As we remember 9/11, Anthony Rumore was part of the military response on that day. "It was tough to deal with. I definitely suffered some PTSD afterwards, seeing the things that I did. The corpses, the bodies coming out of the wreckage."
19 years ago on the morning of September 11, Rumore was a sergeant in the National Guard when he woke up to the unthinkable.
"Woke up late that morning, walked into the living room, turned on the TV and started to begin to understand what was happening."
Rumore quickly rushed off to join the boots on the ground at the world trade center. "Got off the bus and just saw chaos and debris everywhere. The soot on the ground was inches thick and begin to see parts from planes."
For several weeks, he lived in an abandoned building in the financial district.
"We worked 12 hour shifts. So as you can imagine at the end of the 12-hour shift all we wanted to do was sleep." He secured the perimeter, cleared debris and chased away looters. "Our unit was responsible for catching people looting in the world trade center. They took advantage of a bad situation to where they were infiltrating our lines," Rumore said.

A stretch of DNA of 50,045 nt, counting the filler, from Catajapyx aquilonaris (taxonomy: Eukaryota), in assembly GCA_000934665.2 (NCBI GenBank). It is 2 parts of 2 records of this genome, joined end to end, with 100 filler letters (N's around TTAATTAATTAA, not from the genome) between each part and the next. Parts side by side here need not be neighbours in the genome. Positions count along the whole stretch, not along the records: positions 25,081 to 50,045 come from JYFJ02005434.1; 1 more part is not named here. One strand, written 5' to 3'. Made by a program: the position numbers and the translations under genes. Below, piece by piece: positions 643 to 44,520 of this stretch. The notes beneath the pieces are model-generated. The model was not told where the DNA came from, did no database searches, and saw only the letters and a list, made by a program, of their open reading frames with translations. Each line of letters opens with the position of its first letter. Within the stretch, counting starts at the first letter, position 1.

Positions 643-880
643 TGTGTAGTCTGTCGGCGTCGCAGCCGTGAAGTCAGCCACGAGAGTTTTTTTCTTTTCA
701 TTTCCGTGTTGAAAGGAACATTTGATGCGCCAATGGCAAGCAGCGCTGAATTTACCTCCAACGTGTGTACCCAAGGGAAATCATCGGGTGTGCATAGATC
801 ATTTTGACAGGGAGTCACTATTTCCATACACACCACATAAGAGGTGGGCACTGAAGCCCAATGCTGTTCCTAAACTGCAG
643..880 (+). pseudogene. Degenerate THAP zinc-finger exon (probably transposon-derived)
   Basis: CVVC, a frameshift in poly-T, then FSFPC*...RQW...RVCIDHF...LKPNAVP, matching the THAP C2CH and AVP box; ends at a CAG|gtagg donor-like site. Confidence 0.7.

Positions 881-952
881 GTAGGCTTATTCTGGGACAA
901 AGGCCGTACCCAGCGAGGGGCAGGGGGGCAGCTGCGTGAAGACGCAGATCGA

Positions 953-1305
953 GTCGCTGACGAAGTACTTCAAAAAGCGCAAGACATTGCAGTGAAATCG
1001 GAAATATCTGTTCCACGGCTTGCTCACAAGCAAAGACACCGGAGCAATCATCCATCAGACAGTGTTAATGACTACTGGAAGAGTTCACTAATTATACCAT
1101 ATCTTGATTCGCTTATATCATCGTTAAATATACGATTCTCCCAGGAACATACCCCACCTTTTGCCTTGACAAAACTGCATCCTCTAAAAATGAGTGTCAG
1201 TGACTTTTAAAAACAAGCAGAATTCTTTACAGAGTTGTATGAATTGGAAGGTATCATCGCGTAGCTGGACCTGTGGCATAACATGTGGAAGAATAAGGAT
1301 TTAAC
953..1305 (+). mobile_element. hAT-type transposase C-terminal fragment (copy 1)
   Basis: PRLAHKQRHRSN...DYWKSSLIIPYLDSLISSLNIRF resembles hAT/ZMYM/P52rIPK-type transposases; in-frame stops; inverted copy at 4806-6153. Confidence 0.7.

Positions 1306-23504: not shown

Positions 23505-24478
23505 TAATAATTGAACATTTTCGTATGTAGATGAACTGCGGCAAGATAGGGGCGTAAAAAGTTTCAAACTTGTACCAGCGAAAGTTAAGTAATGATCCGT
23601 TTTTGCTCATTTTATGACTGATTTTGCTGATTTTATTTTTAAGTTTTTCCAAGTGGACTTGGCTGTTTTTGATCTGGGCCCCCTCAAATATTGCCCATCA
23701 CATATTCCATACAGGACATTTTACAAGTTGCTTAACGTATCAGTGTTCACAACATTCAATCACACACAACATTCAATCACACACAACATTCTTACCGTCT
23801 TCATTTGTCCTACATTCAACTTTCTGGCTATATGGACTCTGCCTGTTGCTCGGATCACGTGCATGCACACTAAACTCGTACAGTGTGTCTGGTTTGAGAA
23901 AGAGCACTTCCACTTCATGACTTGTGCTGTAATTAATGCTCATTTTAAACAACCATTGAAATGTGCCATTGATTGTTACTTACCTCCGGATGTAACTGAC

It was one of the darkest times for New York City and our entire country.
"There's not one September 11 where I don't shed a tear or cry thinking about the people that reached out.
That were behind barricades. That were holding up pictures. That were holding up signs saying, please help, me help find my brother or sister or mother or father," Rumore said.
Along With the painful memories, he also remembers the hope.
"In a time of crisis, Americans pulled together. It wasn't about political agenda. It wasn't left versus right. It was about people."
A message he thinks our country could use right now. "9-11 taught us one thing, in the times of great despair, people came together," Rumore said.
\He is now retired. Rumore lives near the Phoenix area with his wife and daughter.